Monday, 11 January 2016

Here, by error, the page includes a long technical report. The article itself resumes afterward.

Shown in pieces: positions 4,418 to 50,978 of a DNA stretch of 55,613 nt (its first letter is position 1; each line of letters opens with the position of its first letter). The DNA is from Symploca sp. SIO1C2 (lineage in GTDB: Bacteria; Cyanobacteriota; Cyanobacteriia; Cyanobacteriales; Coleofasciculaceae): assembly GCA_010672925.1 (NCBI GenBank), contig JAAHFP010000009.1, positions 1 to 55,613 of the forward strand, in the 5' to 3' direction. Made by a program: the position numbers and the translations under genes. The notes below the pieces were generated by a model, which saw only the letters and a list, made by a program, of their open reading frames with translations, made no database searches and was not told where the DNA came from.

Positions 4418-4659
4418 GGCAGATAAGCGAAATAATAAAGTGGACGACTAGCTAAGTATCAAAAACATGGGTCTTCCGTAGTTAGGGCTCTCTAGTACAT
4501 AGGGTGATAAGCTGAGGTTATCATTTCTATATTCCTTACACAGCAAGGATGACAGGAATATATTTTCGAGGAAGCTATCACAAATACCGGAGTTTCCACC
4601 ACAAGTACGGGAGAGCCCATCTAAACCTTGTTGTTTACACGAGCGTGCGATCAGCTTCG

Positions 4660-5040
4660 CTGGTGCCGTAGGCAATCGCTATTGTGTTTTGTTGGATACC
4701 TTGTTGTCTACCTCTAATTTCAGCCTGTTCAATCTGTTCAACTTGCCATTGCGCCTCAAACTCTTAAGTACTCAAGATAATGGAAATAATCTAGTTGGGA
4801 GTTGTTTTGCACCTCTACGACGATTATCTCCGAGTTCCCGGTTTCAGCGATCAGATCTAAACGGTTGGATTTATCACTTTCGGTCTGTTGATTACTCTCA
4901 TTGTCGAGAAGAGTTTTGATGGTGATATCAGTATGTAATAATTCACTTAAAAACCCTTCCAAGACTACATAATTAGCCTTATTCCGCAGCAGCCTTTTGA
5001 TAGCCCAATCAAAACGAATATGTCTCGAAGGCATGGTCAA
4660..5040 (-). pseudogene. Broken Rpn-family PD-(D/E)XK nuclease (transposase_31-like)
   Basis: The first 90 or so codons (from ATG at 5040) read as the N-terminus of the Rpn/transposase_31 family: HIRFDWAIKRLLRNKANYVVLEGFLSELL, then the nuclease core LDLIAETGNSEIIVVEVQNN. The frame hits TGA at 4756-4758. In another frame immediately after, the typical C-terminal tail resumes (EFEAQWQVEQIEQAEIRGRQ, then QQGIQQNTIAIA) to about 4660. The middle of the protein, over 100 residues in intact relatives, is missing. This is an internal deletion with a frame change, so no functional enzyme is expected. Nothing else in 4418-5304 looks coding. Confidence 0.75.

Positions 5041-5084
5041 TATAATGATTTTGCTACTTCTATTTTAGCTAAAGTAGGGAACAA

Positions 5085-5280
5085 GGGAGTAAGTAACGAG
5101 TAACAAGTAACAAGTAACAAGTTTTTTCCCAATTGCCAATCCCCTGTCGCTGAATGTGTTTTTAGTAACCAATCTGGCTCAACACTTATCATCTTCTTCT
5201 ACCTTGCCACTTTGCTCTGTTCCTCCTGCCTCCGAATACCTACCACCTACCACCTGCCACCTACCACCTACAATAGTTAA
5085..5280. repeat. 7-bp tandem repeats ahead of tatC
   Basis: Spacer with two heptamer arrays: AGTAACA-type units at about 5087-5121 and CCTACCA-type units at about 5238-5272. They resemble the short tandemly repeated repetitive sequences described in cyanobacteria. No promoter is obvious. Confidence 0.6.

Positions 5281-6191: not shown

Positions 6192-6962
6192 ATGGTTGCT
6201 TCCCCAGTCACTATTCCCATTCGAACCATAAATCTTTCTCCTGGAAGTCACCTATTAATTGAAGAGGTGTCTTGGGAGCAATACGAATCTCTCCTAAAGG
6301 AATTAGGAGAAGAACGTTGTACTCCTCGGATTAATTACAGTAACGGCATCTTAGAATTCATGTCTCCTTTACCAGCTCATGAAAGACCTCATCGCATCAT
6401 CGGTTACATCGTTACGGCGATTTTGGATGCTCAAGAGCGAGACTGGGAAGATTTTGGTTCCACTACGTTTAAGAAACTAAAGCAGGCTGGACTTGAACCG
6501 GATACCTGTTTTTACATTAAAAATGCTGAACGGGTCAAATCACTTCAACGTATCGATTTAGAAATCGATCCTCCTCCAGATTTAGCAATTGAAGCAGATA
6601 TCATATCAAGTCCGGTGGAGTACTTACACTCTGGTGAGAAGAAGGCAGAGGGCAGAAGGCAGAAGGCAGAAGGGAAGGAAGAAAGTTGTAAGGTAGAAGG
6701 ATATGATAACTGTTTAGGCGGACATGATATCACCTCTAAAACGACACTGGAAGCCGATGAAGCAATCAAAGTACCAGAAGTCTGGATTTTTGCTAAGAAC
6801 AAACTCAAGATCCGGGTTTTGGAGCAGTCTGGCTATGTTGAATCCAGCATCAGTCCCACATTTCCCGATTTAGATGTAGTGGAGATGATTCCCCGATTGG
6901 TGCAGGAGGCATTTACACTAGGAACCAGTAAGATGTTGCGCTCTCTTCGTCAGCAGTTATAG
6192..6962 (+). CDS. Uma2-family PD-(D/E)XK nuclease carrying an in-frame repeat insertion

Understanding the physical mechanisms that drive rapid intensification (RI) of tropical cyclones has plagued the research community over the past couple of decades; therefore in an effort to improve prediction of RI through statistical models, distinguishing the meteorological processes separating RI from non-RI tropical cyclones is necessary. Recent research aimed to identify these important diagnostic variables in the North Atlantic basin, not only at which levels, but also at which spatial points in proximity to the cyclone. Using GEFS reforecast data from 1979–2009, for a 24 hour lead time before RI, rotated principal component analysis (RPCA) was performed on 1-dimensional and 3-dimensional atmospheric output, finding the maximum variability within the dataset. Using hierarchical clustering techniques on these base state variables to group events exhibiting similar physical structures, the groups were averaged to generate composite maps. Analysis of the composites was completed for the different RI and non-RI base state variables, as well as composite derived fields including divergence, relative vorticity, equivalent potential temperature, static stability, and vertical shear. Results suggest that vorticity in the mid-levels, divergence in the upper-levels, and specific humidity play critical roles in successfully discriminating between RI and non-RI events, as well as latent heat and sea level pressure. These findings give key insights to which variables should be used in developing a prognostic classification scheme to assist with operational forecasts of cyclone RI.
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